The good news about Denver-metro real estate
Denver listings fall 12% in October, prices stay flat
According to the Denver Metro Association of Realtors, the number of new real estate listings in the Denver-metro area fell 12% in October, the number of sales dropped 6.4% and sold prices stayed flat. However, don’t worry, the sky is not falling and there is quite a bit of good news in the data.
What does the data say?
October was an interesting month in the Denver-metro area. Below are some of the highlights from the Denver Metro Association of Realtors:
- Real estate listings fall 11.6% for detached single family
- Number of sales drop 6.4% from last month, basically flat for the year
- Average sales price basically flat (1.2%), and up 3.5% year over year
- Single family days on market up 15% year over year
- Condo days on market increases 36% from 2018 and 41% vs 2018, this is a bit concerning as it shows considerable softness in the condo market
- Condo sales volume down 7.4%
The data above is not what I would’ve expected. As inventory declines, prices typically increase, but in this case prices stayed flat. This leads to the question: What is driving the listing declines and prices to flatten?
What is causing the decline in listings?
There are a few possible reasons for the decline, the first of which is weather and seasonality. This past October was historically cold and snowy in Denver, which likely led to a decline in the listings as sellers decided to wait until better weather in the spring.
The second possible reason is the rise of instant offers. Listing data comes from recolorado.com, the online MLS for the Denver Metro Association of Realtors. Instant offers are not counted in the listings. For example, if someone gets an offer from Zillow, this does not show up in the data. There are many players in Denver now competing in instant offers (Zillow, redfin and more). The volume of this new real estate model is unknown but is likely impacting the listing number as sellers opt to instantly sell.
However, I think the primary reason is that sellers don’t have to sell. Currently, there are no huge drivers forcing a sale. For example, during the recession, people had to sell due to job changes and loss, high payments and more. None of that is occurring today as people are opting not to sell, which means the market inventory will remain constrained.
How are prices flat?
The biggest driver of the flat prices is the federal reserve. By dropping interest rates, the federal reserve has made mortgages on commercial and residential properties cheaper (i.e. interest rates have dropped) which has led to real estate becoming “effectively cheaper.” The reason I say “effectively cheaper” is that the price of real estate in most markets is flat this year, but actual payments made to buy the real estate enables buyers to spend more for the same amount of money.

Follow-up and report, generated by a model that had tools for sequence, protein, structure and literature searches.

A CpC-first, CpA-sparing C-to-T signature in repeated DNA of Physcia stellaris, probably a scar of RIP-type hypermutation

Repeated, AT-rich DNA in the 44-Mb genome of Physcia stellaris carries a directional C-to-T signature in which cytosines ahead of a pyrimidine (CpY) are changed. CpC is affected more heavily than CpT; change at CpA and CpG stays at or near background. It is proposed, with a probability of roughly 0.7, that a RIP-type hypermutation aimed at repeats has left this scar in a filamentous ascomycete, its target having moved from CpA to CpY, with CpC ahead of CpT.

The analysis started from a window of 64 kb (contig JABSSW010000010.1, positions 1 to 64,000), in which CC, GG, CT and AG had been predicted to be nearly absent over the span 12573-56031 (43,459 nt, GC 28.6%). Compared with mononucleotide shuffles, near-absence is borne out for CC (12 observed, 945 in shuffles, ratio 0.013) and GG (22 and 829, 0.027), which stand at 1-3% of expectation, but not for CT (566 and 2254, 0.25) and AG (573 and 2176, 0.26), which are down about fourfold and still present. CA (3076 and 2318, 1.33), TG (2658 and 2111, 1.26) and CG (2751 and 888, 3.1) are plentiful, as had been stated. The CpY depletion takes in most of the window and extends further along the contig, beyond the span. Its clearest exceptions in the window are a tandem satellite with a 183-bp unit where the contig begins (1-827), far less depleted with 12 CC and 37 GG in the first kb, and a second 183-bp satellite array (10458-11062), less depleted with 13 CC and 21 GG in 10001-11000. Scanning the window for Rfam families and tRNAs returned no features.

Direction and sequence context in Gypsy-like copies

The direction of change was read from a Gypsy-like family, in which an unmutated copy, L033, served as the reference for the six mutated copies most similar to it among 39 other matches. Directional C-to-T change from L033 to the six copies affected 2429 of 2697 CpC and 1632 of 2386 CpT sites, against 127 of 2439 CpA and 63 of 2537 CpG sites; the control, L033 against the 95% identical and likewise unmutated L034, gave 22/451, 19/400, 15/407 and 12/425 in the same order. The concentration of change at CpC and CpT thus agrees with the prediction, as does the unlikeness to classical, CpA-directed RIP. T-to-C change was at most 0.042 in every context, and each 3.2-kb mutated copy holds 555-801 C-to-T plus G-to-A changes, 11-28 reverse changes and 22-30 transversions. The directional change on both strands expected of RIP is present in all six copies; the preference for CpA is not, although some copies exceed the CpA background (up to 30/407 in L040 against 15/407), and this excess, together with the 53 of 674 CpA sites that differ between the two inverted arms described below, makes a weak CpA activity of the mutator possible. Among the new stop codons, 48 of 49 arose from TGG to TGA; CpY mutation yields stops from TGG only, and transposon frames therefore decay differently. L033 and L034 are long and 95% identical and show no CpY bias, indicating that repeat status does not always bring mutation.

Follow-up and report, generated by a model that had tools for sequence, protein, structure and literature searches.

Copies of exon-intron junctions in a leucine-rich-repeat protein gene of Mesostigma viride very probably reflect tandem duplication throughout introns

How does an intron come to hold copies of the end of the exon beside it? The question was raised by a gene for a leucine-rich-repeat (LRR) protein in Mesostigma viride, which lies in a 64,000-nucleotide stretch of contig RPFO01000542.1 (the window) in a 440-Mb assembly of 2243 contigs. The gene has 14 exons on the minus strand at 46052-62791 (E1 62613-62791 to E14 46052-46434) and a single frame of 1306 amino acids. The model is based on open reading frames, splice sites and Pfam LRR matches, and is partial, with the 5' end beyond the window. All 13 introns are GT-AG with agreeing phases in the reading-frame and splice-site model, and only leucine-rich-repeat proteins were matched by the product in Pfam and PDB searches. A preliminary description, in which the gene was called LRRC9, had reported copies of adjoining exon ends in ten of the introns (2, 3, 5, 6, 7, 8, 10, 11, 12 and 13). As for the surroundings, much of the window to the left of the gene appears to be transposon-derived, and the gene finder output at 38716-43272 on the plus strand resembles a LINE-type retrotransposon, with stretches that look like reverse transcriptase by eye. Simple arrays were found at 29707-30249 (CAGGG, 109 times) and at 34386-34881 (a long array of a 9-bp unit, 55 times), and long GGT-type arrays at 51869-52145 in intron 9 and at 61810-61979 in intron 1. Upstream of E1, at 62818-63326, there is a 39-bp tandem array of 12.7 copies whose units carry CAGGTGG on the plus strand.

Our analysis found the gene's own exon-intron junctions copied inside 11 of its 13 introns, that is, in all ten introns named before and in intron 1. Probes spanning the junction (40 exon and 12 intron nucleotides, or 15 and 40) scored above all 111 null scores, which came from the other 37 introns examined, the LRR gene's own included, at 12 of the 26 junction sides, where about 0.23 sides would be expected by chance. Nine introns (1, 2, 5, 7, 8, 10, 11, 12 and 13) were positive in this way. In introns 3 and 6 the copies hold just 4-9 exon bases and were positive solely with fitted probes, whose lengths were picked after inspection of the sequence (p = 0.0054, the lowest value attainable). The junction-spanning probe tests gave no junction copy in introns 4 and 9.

For example, assume a buyer was purchasing a $400,000 house in Denver on a 30-year mortgage with 20% down, which is a loan of $320,000. The payment for the house, assuming a 4.9% rate (this is when rates peaked last November), would equate to a payment of $1,698 per month. Now, because the federal reserve has dropped rates, the 30-year mortgage is closer to 3.5%, which means that using the same example as above, the new payment would be $1,436.94 per month. Because of the lower payments a buyer can afford a more expensive house or buy the same house with a smaller payment. Furthermore, with the lower rates many renters might move to buyers as the mortgage payment is at, or less than a rent payment.
With payments dropping substantially a “floor” has been created, meaning real estate values have remained stable even though considerable economic uncertainty remains due to tariffs and market volatility. The value of homes in most markets have remained relatively stable because the federal reserve cut the federal funds rates and mortgage rates have dropped substantially. This has increased consumers buying power and has spurred demand for real estate.
Is this good news or bad news?
Whether the data coming out in October is good news or bad depends on if you are buying or selling.
The good news for sellers is that the data coming out in October is positive. Basically, prices have stabilized and there is no rush of inventory coming online, which means no panicked selling. This trend will continue through the remainder of 2019 and into early 2020.
The bad news for buyers is that the seller’s good news isn’t welcome for those looking to purchase. Since inventory remains tight prices will stay high. I don’t see this trend reversing anytime soon in the Denver-metro area. However, there is one silver lining: there could be opportunity in condos, because the number of days on the market has increased significantly.
The recent October sales numbers show the market will remain healthy as inventory remains constrained. This is about what I had expected because we have reached a peak in real estate and seem to be holding steady. With the recent moves by the federal reserve to aggressively lower rates, this trend will likely continue for the foreseeable future, which is good news for sellers and bad news for buyers.